Dads Who Bond With Kids Help Keep Marriage Strong
Sharing housework also key, study found, as is open communication with spouse
WebMD News Archive
For husbands, satisfaction with the division of family work came first, followed by their wife's feelings about the father-child relationship, and then the degree of involvement the dad had with his children.
For her part, Laurie Gerber, president of Handel Group Life Coaching in New York City, said the study rings true. Women really appreciate getting hands-on help at home, but men don't realize this intuitively because they see things very differently, she said. "If a man wants to get into his wife's good graces he should do a chore," she said. "If a woman wants to get into a man's good graces, she should jump him."
A study published earlier this year in American Sociological Review showed that married men who spend more time doing traditional household tasks reported having less frequent sex than do husbands who stick to more traditional masculine jobs, such as gardening or home repair. While women like getting help, doing too many of the chores may inadvertently turn the husband into more of a helpmate than a lover, the research found.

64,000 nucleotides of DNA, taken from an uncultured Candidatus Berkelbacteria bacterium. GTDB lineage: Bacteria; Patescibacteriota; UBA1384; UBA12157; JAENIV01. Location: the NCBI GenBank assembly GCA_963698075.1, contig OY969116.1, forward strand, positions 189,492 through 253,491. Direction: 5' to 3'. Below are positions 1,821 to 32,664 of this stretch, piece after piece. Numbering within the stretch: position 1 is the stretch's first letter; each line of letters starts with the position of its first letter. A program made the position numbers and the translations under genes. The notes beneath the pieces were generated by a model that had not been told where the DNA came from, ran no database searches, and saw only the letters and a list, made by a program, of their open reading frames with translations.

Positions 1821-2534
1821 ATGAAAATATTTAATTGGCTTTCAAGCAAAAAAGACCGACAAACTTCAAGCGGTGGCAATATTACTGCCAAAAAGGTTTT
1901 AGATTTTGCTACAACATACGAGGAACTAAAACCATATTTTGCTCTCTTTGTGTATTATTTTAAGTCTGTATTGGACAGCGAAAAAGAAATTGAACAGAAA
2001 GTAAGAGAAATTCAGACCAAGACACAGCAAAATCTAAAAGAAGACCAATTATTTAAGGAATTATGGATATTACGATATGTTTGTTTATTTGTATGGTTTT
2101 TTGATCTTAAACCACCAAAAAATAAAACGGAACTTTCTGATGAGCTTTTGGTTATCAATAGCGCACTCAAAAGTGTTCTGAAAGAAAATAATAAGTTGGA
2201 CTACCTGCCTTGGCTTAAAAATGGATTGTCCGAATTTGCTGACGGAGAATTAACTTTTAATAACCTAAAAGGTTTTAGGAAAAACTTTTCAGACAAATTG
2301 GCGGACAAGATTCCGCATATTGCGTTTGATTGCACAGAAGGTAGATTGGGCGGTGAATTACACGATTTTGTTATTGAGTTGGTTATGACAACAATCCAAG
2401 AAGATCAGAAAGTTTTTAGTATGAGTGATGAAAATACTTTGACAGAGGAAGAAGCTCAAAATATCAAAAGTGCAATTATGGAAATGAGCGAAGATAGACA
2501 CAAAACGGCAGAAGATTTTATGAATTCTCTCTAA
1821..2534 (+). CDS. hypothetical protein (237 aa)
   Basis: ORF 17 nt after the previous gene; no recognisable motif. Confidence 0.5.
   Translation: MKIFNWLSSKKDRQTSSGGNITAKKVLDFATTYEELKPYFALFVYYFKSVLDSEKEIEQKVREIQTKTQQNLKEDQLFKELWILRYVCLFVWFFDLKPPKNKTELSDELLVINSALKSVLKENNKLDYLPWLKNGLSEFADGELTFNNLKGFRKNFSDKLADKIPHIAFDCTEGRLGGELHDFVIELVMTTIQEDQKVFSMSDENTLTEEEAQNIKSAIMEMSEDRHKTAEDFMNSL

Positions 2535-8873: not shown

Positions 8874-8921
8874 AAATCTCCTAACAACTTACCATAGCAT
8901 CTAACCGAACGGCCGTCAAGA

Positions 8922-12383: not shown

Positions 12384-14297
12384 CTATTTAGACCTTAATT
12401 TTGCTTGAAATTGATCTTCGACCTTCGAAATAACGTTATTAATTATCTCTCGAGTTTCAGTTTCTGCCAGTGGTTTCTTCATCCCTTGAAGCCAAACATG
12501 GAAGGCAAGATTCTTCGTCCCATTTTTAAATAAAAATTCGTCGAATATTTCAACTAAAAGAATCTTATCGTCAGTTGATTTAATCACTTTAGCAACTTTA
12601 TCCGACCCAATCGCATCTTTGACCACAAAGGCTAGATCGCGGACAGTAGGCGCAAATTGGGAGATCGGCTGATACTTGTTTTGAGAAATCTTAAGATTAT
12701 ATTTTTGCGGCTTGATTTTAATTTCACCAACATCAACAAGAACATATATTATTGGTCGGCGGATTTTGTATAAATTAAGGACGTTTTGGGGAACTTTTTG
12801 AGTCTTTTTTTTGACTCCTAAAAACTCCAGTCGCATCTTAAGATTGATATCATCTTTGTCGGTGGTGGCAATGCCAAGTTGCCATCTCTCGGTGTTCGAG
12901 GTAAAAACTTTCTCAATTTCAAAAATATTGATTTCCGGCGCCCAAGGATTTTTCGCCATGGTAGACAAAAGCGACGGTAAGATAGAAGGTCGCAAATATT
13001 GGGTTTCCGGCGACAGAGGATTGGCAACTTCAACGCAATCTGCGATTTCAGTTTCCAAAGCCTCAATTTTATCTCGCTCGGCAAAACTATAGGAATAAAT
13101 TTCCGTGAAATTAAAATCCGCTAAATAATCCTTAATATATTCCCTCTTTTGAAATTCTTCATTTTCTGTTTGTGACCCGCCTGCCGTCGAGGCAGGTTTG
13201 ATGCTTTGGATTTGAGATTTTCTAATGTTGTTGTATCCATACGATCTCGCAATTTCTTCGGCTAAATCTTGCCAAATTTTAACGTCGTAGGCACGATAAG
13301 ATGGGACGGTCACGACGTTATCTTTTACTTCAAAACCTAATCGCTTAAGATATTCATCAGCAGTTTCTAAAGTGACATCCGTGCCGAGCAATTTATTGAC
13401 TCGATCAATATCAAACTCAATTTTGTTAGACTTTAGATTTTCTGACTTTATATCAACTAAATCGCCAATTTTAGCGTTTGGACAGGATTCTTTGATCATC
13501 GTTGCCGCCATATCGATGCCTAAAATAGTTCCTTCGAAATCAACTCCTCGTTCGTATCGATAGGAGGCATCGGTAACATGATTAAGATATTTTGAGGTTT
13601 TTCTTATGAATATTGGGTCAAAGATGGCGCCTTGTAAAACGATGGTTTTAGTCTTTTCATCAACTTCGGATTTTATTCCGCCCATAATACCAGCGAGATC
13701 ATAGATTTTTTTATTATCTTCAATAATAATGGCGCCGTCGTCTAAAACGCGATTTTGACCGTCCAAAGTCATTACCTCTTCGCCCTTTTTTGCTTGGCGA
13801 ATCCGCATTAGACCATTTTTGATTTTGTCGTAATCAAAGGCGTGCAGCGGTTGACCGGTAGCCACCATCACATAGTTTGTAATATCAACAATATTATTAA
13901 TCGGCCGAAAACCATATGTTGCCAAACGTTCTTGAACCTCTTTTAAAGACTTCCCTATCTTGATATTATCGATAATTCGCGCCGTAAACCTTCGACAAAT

Rather than basing the choice of chores on traditional roles, Gerber recommends that tasks be divided based on both who cares most about getting the particular job done and who is best at it. "My husband doesn't care if my kids have matching outfits on and I don't care about getting the oil changed," she said. Couples need to sit down and discuss who will be primarily responsible for what. "That stops fights and clears so much air."
For Gerber, it's critical to try not to be influenced by how you were raised, what your culture says you should do or what the gender stereotyping says, but rather, by what you think is right. "Marriage is all about being there for the other person and you work as a team to get the job of the family done," she said.